Here’s the thing with The Dark Knight: It’s up to Batman’s cowl in stupid. And I’m a big fan. It’s hands down, the best comic book flick ever. Better than X2, Spider-Man 2, and Superman. There is no competition.
But like I said, it’s got a serious case of the sillies.
One, why the hell does Batman blow up everything? Cars, trucks, parking garages, and sliding glass doors — if the Batmobile still has a few rounds of ammo left and an RPG or two, then ole Brucie Poo is going to give it an extreme makeover.
Two, that whole ballistics test that helps Batman prevent the assassination of the mayor of Gotham City is a gigantic waste of time. So, you’re going to spend like a day or so piecing together bullet fragments in order to find an address overlooking the street where the mayor will speak instead of going down there and making sure the surrounding area is free of bad guys? With all that time spent in the lab conducting ballistics tests, Batman could have rid an entire city block of crime — from would-be assassins down to all the old guys playing craps.
Three, Commissioner Gordon claims that Two-Face is responsible for killing five people, two of them cops. To this day, I still can’t figure out who the hell Gordon is talking about — um, there was the corrupt older cop in the bar that Harvey killed, but the corrupt younger cop, well, he let her live, so who is the second cop? Many a night, I’ve woken up in a sweat, consumed by this very question. I am not joking.
Four, when did Batman become Batdog? Stop with the growling. Nobody talks like that. Not even Christian Bale when he’s ripping into a bumbling lighting guy who’s stepped into the actor’s line of sight.
Five, why the hell am I writing about a movie that came out a year ago? It’s a piece of pop culture’s past. It’s over, done.
Which is why I’m having a hard time figuring out why this Obama Joker story just won’t go away.
Yes, somebody decided to get all Shepard Fairey-like and put up Obama Joker posters on overpasses, telephone polls, and the like.
Yes, the poster features a ghastly white-faced, green-haired Obama, sporting black-ringed eyes and a smeared-lipstick smile.
Yes, the word “socialism” is right there underneath the image itself.
But why all the hubbub, bub? The Obama Joker poster is the political equivalent of the Calvin praying sticker — the umpteenth iteration of an already tired meme. There is no dignity in designing such an image, and even less in discussing it.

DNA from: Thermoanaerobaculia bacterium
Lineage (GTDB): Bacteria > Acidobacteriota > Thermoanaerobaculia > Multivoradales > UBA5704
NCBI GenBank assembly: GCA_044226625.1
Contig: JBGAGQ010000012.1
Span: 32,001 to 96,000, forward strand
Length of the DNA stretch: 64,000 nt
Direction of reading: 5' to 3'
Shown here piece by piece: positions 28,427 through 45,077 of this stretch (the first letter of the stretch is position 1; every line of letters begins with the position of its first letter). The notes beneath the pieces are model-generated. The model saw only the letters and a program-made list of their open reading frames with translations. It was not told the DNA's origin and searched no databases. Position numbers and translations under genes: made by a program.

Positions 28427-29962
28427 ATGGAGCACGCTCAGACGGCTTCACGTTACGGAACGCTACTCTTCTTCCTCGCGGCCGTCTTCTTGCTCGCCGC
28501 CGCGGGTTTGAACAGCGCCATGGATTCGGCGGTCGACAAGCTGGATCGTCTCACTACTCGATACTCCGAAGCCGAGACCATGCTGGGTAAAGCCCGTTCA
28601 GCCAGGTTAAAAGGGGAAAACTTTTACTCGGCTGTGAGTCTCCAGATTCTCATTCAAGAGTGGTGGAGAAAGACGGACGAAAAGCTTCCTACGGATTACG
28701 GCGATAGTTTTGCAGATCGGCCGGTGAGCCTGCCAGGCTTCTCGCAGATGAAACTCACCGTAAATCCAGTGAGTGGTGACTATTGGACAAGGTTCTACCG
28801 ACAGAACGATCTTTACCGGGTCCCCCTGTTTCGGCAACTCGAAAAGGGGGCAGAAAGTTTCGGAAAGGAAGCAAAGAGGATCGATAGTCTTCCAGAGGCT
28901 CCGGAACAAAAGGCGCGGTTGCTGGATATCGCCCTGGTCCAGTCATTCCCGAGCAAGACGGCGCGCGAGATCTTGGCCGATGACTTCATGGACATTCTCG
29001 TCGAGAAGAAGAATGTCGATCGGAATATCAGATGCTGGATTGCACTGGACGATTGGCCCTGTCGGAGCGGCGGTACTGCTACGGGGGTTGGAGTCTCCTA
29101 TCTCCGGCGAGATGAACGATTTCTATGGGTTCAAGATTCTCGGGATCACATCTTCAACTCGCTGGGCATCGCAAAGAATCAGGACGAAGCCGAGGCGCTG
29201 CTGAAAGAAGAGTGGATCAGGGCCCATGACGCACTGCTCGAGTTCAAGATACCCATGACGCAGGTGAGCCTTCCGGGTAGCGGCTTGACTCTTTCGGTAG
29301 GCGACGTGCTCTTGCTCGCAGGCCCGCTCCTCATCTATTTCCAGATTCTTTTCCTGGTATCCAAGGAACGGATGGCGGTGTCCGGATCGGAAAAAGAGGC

But discuss folks did. From Drudge to CNN, the Obama Joker poster was all the rage.
Was it in poor taste, reporters asked? (Yes. See above reference to Calvin praying and Mr. Fairey’s Hope poster.)
Was it unpatriotic? (No. Mocking the president is not only a right, but a freaking duty. Get to it.)
Was it racist? (No. A minstrel may be a clown, but a clown is not a minstrel. White face is not equal to black face.)
And just who was responsible for it? (Read on.)
This week we finally learned the identity of the man behind the original Obama Joker image — Firas Alkhateeb, a University of Illinois student who was toying around with Photoshop one day and decided to give a picture of the president a Heath Ledger makeover.
While Alkhateeb is not an Obama supporter — he’s not a fan of the president’s domestic policy or the cult of personality around him — the Illinois student is by no means a political agitator. In fact, he’s completely befuddled that someone took his Photoshop doodle and turned it into a piece of political propaganda. Or as he told the L.A. Times, “To accuse [Obama] of being a socialist is really … immature.”
He added, “First of all, who said being a socialist is evil?”
Good one, Alkhateeb. Best joke I’ve heard in awhile. Stay cool. Support City Paper. City Paper has been bringing the best news, food, arts, music and event coverage to the Holy City since 1997. Support our continued efforts to highlight the best of Charleston with a one-time donation or become a member of the City Paper Club.
Stay cool. Support City Paper.
City Paper has been bringing the best news, food, arts, music and event coverage to the Holy City since 1997. Support our continued efforts to highlight the best of Charleston with a one-time donation or become a member of the City Paper Club.